It’s going to be really hard and frustrating to create a content strategy and a social media strategy if you don’t have a good handle on your brand. And by a good handle, I mean a document that describes your brand in a great detail.
Here’s another way to look at it. How are you going to decide what to say in your content if you don’t know who you are?
If you’re like the clients I’ve worked with, you want what all the big brands have: clear, consistent content and messaging that seems like it just effortlessly flows from their website to their social media platforms to their merchandise.
So how do those companies accomplish this? They’ve taken the time to think through and document the way they position their brand, the way they talk about it, what specific words, colors, and visuals they’ll use to communicate what their brand stands for and is all about.
If you want your employees, your customers, your contractors, and your competitors to know who you are and what you have to say, then you need to take the time to work on your brand.
Here’s where you start when creating your first brand document. Write down the first things that come to your mind in the following areas, share with your leadership team, and then hire a copywriter to polish.
Vision—Why did you start your business in the first place?
Mission—What are you trying to accomplish and how are you trying to accomplish it?
Brand Pillars or Core Values—What are the values that hold your brand up?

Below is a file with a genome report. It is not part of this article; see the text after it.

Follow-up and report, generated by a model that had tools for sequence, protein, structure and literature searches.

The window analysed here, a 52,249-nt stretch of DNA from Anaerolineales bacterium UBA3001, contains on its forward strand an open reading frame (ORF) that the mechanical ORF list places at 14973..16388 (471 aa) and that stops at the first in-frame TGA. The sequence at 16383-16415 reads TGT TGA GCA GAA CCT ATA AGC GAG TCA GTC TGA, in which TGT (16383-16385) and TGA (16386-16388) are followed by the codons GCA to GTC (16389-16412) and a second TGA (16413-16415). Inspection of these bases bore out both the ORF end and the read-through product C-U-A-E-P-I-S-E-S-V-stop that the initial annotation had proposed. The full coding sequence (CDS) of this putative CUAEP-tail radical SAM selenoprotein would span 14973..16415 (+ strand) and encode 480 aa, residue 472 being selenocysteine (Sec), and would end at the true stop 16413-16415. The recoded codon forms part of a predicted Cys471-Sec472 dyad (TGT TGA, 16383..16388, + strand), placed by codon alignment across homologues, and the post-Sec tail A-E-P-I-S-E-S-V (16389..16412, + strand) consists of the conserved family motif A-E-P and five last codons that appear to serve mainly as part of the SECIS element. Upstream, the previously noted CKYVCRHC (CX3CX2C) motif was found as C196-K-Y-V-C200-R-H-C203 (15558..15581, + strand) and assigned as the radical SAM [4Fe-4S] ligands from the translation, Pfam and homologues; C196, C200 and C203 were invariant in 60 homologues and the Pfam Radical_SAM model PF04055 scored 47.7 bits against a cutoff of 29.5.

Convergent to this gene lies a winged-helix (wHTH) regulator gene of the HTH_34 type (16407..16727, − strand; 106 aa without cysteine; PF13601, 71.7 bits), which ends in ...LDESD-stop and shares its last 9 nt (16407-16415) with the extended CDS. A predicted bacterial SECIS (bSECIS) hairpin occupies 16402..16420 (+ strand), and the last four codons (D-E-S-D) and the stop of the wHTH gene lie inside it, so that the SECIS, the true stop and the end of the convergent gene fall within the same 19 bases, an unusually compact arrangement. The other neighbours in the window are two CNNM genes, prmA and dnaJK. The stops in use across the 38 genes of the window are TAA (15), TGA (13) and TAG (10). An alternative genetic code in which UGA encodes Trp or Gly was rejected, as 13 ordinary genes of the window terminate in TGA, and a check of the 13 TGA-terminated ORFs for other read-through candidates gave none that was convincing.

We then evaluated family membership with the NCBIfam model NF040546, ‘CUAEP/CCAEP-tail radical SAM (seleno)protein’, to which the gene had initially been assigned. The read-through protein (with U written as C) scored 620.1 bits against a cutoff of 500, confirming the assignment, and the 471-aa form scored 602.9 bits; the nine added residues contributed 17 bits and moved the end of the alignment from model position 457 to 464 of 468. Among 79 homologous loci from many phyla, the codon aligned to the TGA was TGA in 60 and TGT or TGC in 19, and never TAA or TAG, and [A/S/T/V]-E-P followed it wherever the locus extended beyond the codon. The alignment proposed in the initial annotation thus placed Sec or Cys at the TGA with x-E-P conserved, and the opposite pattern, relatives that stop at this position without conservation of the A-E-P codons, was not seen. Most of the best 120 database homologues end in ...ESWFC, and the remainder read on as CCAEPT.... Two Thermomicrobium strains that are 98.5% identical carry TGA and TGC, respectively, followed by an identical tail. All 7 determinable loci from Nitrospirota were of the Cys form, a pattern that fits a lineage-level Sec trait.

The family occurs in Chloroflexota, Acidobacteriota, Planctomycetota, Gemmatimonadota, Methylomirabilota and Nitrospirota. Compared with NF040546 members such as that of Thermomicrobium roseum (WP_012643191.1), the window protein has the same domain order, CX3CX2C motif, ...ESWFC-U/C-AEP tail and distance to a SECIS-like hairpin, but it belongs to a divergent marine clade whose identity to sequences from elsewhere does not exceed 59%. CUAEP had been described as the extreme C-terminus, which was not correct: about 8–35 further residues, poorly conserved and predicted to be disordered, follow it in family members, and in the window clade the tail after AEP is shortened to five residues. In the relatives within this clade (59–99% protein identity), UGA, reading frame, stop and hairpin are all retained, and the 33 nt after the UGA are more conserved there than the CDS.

Once you have a version that you and your leadership team feel great about, share it with your employees and post it on your website. (And be open to feedback!)
Once you have this statement in place, continue to add to your branding documentation. These documents should be the primary source for defining how your company presents itself in the world. Here are some other topics to tackle:
- What font is the logo? Are there alternate versions of the logo that are to be used in specific ways?
- Does the brand have a motto, slogan, or catchphrase? If so, how is it styled and formatted?
- What words do you want to make sure you avoid because they don’t represent who you are?
- Does the imagery on your site need to look a certain way or highlight particular colors?
- Who do you talk to when someone has a question not answered by the document?
Whatever the answers, make sure they're in the branding documentation.
Branding can be hard and tedious work, but you'll thank yourself for years to come as your strategy marketing efforts have the solid foundation of a strong brand identity.
Now, finally, you can start to think strategy!